Of all the changes Villeneuve made, the modifications made to both Chani’s personality and character arc were some of my favorites. By giving her character more screen time and depth, the audience is provided a greater opportunity to connect with and understand the overarching themes of the film, as we watch Chani struggle against oppression and grow to fear the fanatical fascism she watches her fellow Fremen fall victim to. 

Overall, this movie felt like a breath of fresh air for fantasy movies. It was exactly what the genre needed—a film that honors its roots while also captivating modern audiences with themes that tie into our modern political landscape and societal concerns. Moreover, it was a beautiful film, and I was captivated from the first shot to the last as the masterful use of color, set design and cinematography drew me in completely. 

In particular, I appreciated the contrast between House Harkonnen’s bleakly austere world that is shot in completely black and white, as the planet revolves around a black sun, with the blood-orange, sandy desert palette of Arrakis, which highlights the stark differences between the two settings.

My only critique is that, as an avid book fan, the movie omitted a few sub-plots and characters from the book I had hoped to see on screen, such as the omission of the role of the Spacing Guild and the importance of using spice for space travel. The movie told you how important and lucrative the spice mined on Arrakis was, but without the Spacing Guild, some of that seemed to fall flat and undermined the themes of technological progress versus ecological preservation. However, characters in the Spacing Guild are more prominent in Dune: Messiah, the second book in the series and the last book Villeneuve reportedly wants to adapt, so perhaps they will play a larger role and have their lore explored more in the next film.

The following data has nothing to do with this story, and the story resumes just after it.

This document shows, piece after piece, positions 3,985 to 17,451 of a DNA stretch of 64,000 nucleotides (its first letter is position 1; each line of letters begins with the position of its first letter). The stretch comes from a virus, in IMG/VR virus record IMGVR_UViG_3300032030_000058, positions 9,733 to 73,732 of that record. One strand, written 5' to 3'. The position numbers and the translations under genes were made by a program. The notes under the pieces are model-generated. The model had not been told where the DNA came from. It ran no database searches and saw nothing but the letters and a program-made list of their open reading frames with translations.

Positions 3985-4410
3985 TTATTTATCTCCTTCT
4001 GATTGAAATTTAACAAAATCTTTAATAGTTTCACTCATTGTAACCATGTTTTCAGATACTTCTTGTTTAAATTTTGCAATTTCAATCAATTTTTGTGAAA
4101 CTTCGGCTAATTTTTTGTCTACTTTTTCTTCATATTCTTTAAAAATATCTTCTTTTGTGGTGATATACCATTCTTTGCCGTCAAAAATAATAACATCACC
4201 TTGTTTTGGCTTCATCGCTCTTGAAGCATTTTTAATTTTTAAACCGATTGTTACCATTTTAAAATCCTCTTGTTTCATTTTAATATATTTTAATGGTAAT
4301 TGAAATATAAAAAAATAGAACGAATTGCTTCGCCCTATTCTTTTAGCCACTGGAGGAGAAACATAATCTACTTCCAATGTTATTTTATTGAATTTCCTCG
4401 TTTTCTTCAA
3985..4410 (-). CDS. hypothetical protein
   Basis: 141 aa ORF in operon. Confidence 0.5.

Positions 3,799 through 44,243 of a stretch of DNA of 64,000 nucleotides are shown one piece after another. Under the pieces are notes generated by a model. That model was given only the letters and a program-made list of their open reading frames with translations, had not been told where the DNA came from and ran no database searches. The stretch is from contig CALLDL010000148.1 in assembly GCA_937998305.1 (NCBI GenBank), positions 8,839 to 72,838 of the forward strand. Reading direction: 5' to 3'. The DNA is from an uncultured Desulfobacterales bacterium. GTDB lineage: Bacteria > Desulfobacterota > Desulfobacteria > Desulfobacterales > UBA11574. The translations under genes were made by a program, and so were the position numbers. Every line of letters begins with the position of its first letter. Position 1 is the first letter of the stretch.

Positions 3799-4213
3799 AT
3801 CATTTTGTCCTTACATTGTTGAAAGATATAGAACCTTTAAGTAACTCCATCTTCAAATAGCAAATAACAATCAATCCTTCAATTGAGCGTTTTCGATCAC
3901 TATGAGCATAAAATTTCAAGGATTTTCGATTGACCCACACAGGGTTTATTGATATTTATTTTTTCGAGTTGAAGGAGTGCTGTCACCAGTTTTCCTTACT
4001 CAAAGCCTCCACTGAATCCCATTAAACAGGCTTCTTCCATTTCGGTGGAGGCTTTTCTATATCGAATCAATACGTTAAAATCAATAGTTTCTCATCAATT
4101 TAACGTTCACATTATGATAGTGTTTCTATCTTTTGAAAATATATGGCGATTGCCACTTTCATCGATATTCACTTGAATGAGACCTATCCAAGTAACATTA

I also wish they had included the character Thufir (played by Stephen McKinley Henderson in Dune: Part One), who was the former Atriedes mentat and had a fascinating double-agent subplot as he seemingly betrayed the great house after it fell by joining the Harkonnens. 

However, I understand that including them would have prolonged the runtime without necessarily enhancing the film. In keeping the film “tight,” I believe the director made the right decisions in terms of what was necessary to the narrative and to capture the core of Herbert’s original book, which was a cautionary message about charismatic leaders. 

Overall, Villeneuve did a masterful job of condensing Dune’s infamously dense and esoteric lore into an under-three-hour film, making it enjoyable and understandable for non-book readers. It’s definitely the best book-to-screen adaptation I’ve watched in years, and I find myself really looking forward to seeing the inevitable third part in the theater.